Member Spotlight: DHL – Major Network Expansions Coming in 2016

DHL

 

 

 

 

As 2016 begins, the DHL Express network will experience a major expansion at its hub located at the Greater Cincinnati/Northern Kentucky International Airport (CVG). This expansion will be completed in late 2016. The expansion includes adding more gates to accommodate additional aircraft, more warehouse space and new equipment to provide extra capacity for sorting shipments and loading planes. DHL service center at the O’Hare International Airport in Chicago will also be expanded into a gateway, opening in October, improving connectivity to Europe and Asia.

In the Asia Pacific region, Singapore will open a DHL hub in the first quarter of 2016 with a fully automated package sorting system. In Japan, a fourth Tokyo gateway facility will open in the first quarter of 2016. The facility will offer Customs clearance and bonded warehousing services. In addition, it will house a service center that provides pickup and delivery services for customers.

In Europe, the DHL Leipzig Hub in Germany will see the implementation of a larger, more efficient sorting system in October. Sweden’s Gothenburg Gateway is being expanded and modernized in the first half of 2016. The facility will feature a new sorting system, which will increase processing capacity. In late 2016, the DHL Stockholm Gateway will receive a new sorting system and processing equipment, enabling speedier transit times.

The Middle East will gain a new air and road gateway, plus a service center at the Jeddah Gateway in Saudi Arabia in 2016.In Sub-Saharan Africa this year, the Kigali Gateway in Rwanda will open a new facility. In addition, gateways in Kenya, Zimbabwe, the Democratic Republic of Congo and Angola will be refurbished and expanded.

What might happen in China in 2016?

Millions of people being relocated from cities, fewer jobs, greater centralization, and more movie blockbusters are just some predictions for the year.

(Cited from McKinsey & Co. Article published by Gordon Orr, Jan. 2016.)

In debates about whether growth is a percentage point up or down, we too often lose sight of the absolute scale of China’s economy. No matter what rate the country grows at in 2016, its share of the global economy, and of many specific sectors, will be larger than ever. My snapshot of China in 2016? An increasingly diverse, volatile, $11 trillion economy whose performance is becoming more and more difficult to describe as one dimensional.

The reality is that China’s economy is today made up of multiple subeconomies, each more than a trillion dollars in size. Some are booming, some declining. Some are globally competitive, others fit for the scrap heap. How you feel about China depends more than ever on the parts of the economy where you compete. In 2015, selling kit to movie theaters has been great business, selling kit to steel mills less so. In your China, are you dealing with a tiger or a tortoise? Your performance in 2016 will depend on knowing the answer to this question and shaping your plans accordingly.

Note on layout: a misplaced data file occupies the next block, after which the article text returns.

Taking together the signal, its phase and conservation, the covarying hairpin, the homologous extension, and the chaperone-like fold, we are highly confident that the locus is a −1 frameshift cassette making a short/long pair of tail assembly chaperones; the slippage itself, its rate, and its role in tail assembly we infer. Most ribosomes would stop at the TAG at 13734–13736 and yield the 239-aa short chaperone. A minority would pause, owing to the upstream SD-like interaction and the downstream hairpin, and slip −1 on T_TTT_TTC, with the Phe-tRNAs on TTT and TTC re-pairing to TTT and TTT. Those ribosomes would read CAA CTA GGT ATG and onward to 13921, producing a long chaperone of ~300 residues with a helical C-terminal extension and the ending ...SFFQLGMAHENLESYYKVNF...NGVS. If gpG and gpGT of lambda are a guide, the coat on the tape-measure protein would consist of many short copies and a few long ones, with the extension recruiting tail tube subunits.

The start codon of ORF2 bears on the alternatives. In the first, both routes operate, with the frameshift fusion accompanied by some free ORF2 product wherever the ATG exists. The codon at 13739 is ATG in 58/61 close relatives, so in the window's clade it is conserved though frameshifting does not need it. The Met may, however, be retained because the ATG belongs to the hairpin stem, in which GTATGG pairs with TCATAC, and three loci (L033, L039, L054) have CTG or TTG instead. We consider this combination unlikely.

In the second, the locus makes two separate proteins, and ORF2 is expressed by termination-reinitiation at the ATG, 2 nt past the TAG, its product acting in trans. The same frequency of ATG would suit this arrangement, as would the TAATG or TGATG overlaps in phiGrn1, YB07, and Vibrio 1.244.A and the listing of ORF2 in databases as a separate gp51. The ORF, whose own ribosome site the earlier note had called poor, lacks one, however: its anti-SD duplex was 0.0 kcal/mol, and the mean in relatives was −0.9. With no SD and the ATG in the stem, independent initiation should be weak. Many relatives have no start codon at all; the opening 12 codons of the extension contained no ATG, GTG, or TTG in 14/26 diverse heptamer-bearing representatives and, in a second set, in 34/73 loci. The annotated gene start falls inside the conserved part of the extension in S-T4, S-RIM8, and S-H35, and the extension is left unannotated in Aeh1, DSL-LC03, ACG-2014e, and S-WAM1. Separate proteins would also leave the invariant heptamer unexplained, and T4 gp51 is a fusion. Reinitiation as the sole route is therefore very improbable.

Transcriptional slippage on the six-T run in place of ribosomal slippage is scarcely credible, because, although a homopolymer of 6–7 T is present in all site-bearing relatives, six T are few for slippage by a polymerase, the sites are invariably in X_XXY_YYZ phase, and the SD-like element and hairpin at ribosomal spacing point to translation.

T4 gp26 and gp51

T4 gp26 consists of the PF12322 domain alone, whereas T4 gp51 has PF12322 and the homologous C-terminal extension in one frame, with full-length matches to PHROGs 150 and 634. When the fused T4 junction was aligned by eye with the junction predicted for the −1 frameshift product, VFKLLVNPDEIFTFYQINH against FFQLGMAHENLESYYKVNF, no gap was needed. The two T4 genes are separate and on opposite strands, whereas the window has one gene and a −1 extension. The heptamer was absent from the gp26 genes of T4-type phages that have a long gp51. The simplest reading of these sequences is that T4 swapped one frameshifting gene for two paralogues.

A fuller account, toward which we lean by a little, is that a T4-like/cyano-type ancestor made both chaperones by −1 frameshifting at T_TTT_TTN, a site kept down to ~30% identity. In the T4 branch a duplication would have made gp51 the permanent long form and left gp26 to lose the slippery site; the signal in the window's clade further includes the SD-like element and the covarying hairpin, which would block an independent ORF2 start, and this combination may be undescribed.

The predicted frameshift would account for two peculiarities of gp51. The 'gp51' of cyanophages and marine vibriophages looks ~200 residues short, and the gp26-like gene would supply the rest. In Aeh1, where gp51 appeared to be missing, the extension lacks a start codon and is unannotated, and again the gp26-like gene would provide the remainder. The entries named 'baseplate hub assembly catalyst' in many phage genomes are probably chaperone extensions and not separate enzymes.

Many well-established secular trends in China will continue in 2016. The service economy’s expansion is perhaps most prominent among them. In this piece, as usual, I won’t spend much time on the most familiar things. Instead, I will highlight what I believe will become the more important and more visible trends in 2016, either because they are now accelerating to scale or a discontinuity may become a tipping point. (For a quick summary, see sidebar, “The China Orr-acle: Gordon’s predictions for 2016.”) I hope you find my ideas valuable.

  • The 13th five-year plan—few surprises
  • Fewer jobs, flatter incomes—and, potentially, less confidence
  • The maturing of investing: More options for Chinese investors and foreign investment managers
  • Manufacturing in China is changing, not disappearing
  • Agricultural imports are rising and rising
  • More centralization
  • Moving people at scale—the middle class, not peasants
  • Movies in China: $$$
  • China continues to go global, with the United Kingdom as a new focal point
  • Big business would embrace soccer in China

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What to Expect for the 2014 Lunar New Year Gala

The phones have been ringing off the hook today. The excitement for our grand event is really building. We have more than 200 people scheduled to attend our grand extravaganza.

Here’s what you can expect:

  • The casino has plenty of free parking. You can find more information on parking at their web site. They also have valet parking if you’re feeling swanky. It costs a little extra though.
  • In fact, you probably will be feeling swanky because the dress code for the event is business and cocktail attire. Gentlemen, feel free to add some flair with a pocket square. Ladies, you already know what to do.
  • The gala is on the second floor, the ballroom floor. Once you make it to the floor, you can’t miss us. Make sure to visit the registration desk.
  • If you can’t make the event at 5:30 pm, you’ll want to at least get there before 6:15 pm. That’s when the grand opening to the ceremony will begin, followed by dinner, and you definitely don’t want to miss dinner.
  • We have two cash bars staffed by four bartenders.
  • Although we have a mobile point-of-sale for credit cards, I suggest bringing cash for the auction. We have a lot of quality items going for cheap.
  • Business networking is a major part of the event: We have manufacturers, small business, large corporations, government, lawyers, doctors and attorneys attending; just to name a few.

If you have more questions, give us a call at 513-852-4100. You can also email Evan Brooks, executive director, at ed@china-midwest.com or Angie Li, events marketing specialist, at ali@china-midwest.com. We’ll see you there!